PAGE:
The judges having thus far submitted and declared themselves, his majesty commanded them to keep the bounds and limits of their several courts, not to suffer his prerogative to be wounded by rash and unadvised pleading before them, or by new invention of law; for, as he well knew the true and ancient common law is the most favourable for kings of any law in the world; so he advised them to apply their studies to that ancient and best law, and not to extend the power of any other of their courts beyond their due limits; following the precedents of their best ancient judges in the times of the best government; and that then they might assure themselves that he, for his part, in his protection of them, and expediting of justice, would walk in the steps of ancient and best kings. Whereupon he gave them leave to proceed in their argument.

When the judges were removed, his majesty, that had forborne to ask the voices and opinions of his council before the judges, because he would not prejudicate the freedom of the judges' opinion, concerning whether the stay of proceeds, that had been by his majesty required, could by any construction be thought to be within the compass of the judges' oath, which they had heard read unto them, did then put the question to his council; who all with one consent did give opinion, that it was far from any colour or shadow of such inter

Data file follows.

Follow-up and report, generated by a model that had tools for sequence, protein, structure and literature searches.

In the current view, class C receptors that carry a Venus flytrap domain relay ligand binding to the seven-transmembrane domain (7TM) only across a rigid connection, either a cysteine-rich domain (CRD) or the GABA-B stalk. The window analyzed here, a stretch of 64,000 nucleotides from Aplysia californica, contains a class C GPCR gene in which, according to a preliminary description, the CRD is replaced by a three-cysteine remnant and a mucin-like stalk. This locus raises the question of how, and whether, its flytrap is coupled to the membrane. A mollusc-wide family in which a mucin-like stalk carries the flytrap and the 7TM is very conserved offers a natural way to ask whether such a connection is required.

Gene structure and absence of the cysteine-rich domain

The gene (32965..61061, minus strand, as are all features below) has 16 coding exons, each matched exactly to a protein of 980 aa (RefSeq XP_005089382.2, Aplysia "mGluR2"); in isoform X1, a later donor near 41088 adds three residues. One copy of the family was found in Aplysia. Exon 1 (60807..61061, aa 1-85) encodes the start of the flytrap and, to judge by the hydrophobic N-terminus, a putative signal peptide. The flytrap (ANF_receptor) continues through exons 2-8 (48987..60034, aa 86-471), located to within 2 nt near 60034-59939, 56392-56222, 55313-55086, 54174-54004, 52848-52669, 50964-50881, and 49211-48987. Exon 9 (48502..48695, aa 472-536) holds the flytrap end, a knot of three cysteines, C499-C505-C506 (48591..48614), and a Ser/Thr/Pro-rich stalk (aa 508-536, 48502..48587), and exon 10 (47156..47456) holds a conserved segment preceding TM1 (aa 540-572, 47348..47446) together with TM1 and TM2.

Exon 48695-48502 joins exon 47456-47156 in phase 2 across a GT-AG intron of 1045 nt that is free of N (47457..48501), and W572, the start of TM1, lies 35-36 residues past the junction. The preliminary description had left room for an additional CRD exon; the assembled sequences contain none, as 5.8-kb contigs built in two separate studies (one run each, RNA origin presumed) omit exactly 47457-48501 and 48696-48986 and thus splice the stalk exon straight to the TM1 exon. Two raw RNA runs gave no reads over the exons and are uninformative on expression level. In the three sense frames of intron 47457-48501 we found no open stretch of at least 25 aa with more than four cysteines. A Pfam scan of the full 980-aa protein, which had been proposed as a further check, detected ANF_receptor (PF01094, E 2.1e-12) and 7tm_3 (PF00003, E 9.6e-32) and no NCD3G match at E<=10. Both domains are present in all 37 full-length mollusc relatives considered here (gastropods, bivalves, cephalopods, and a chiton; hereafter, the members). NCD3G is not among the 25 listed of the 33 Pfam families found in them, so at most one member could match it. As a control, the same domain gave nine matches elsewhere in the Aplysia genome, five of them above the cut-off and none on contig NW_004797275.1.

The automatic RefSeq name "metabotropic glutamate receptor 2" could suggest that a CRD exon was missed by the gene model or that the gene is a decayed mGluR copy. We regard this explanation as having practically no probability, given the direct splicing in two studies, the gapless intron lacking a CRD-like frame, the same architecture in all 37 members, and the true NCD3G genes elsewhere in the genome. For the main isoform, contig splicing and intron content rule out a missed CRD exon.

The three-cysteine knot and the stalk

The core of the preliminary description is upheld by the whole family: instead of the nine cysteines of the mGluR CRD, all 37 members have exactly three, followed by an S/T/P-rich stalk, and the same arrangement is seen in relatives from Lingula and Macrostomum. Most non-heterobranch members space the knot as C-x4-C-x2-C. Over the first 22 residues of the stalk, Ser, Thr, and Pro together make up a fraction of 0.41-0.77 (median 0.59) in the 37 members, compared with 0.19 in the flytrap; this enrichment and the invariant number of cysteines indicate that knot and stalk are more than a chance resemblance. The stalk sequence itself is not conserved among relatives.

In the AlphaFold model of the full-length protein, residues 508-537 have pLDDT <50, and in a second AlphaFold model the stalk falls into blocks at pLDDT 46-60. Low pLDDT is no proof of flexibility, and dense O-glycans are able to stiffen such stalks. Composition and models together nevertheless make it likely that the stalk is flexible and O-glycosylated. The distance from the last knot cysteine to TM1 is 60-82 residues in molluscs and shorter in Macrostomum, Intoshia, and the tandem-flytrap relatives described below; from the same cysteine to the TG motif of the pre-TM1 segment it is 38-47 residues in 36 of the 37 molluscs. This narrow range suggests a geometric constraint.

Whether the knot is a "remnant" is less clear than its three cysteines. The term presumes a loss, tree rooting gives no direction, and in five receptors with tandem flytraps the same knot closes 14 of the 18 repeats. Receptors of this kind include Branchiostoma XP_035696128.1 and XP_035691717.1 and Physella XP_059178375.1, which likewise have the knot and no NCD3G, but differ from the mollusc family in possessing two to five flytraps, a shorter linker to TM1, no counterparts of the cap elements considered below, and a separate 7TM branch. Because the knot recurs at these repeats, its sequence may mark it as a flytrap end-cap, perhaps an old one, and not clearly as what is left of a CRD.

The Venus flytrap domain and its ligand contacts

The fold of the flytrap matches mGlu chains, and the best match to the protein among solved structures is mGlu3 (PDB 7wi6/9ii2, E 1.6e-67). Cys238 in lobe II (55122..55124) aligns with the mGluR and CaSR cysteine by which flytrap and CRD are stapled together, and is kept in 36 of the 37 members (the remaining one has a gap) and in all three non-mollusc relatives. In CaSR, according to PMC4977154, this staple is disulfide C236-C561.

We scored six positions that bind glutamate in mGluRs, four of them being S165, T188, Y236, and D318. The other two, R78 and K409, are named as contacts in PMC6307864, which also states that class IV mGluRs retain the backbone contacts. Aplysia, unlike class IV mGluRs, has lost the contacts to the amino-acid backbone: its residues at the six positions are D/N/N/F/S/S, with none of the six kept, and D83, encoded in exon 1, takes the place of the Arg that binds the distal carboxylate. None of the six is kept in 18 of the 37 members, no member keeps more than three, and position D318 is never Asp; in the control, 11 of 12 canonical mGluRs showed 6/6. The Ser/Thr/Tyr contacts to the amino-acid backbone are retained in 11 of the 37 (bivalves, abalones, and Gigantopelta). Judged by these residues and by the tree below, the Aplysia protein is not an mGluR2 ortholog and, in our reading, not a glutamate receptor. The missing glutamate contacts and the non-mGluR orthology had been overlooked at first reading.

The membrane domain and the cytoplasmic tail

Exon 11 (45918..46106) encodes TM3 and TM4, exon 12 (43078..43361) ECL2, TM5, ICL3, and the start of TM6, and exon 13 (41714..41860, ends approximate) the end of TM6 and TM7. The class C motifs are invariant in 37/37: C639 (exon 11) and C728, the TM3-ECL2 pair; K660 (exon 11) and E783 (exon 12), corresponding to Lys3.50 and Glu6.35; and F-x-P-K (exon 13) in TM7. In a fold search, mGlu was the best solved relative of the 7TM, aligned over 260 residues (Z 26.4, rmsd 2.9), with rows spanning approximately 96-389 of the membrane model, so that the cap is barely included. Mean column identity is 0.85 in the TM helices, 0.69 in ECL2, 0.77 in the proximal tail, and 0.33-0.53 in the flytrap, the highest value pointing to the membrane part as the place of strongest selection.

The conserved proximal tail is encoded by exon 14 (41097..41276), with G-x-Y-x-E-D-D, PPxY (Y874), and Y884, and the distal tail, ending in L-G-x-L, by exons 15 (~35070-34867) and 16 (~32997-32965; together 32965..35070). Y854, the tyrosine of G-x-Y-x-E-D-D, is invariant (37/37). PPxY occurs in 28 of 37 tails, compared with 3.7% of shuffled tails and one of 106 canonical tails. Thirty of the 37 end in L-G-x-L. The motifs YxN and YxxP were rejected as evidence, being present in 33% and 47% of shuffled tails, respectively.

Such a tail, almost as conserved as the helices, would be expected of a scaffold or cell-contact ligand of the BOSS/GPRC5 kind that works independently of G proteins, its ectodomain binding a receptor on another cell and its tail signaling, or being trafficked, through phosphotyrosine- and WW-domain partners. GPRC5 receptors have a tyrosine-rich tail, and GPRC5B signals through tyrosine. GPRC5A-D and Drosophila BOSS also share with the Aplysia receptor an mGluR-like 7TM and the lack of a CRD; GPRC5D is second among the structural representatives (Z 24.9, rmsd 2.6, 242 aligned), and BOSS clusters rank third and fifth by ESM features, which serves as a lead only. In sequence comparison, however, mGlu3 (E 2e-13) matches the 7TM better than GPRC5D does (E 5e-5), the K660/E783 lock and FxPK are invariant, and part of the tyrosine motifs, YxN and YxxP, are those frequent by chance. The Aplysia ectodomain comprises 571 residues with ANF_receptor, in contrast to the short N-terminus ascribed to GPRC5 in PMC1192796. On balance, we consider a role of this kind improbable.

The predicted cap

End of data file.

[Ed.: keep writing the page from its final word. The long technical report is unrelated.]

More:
pretation, and that it was against common sense | Reasons why it should be exceeding much for his

to think the contrary, especially since there is no
mention made in their oath of delay of justice, but
only that they should not deny justice, nor be
moved by any of the king's letters, to do any
thing contrary to law or justice.

G. Cant. Tho. Ellesmere, Canc. Th.
Suffolk, E. Worcester, Pembroke,
Nottingham, Lenox, W. Knollys,
John Digby, Ralph Winwood, Tho.
Lake, Fulke Greville, Jul. Cæsar,
Fra. Bacon.

A TRUE REMEMBRANCE OF THE ABUSE I RE

CEIVED OF MR. ATTORNEY-GENERAL PUBLICLY IN THE EXCHEQUER THE FIRST DAY OF TERM; FOR THE TRUTH WHEREOF I REFER MYSELF TO ALL THAT WERE PRESENT I MOVED to have a reseizure of the lands of George More, a relapsed recusant, a fugitive, and a practising traitor; and showed better matter for the queen against the discharge by plea, which is ever with a "salvo jure." And this I did in as gentle and reasonable terms as might be.

Mr. Attorney kindled at it, and said, "Mr. Bacon, if you have any tooth against me, pluck it out; for it do you more hurt than all the teeth in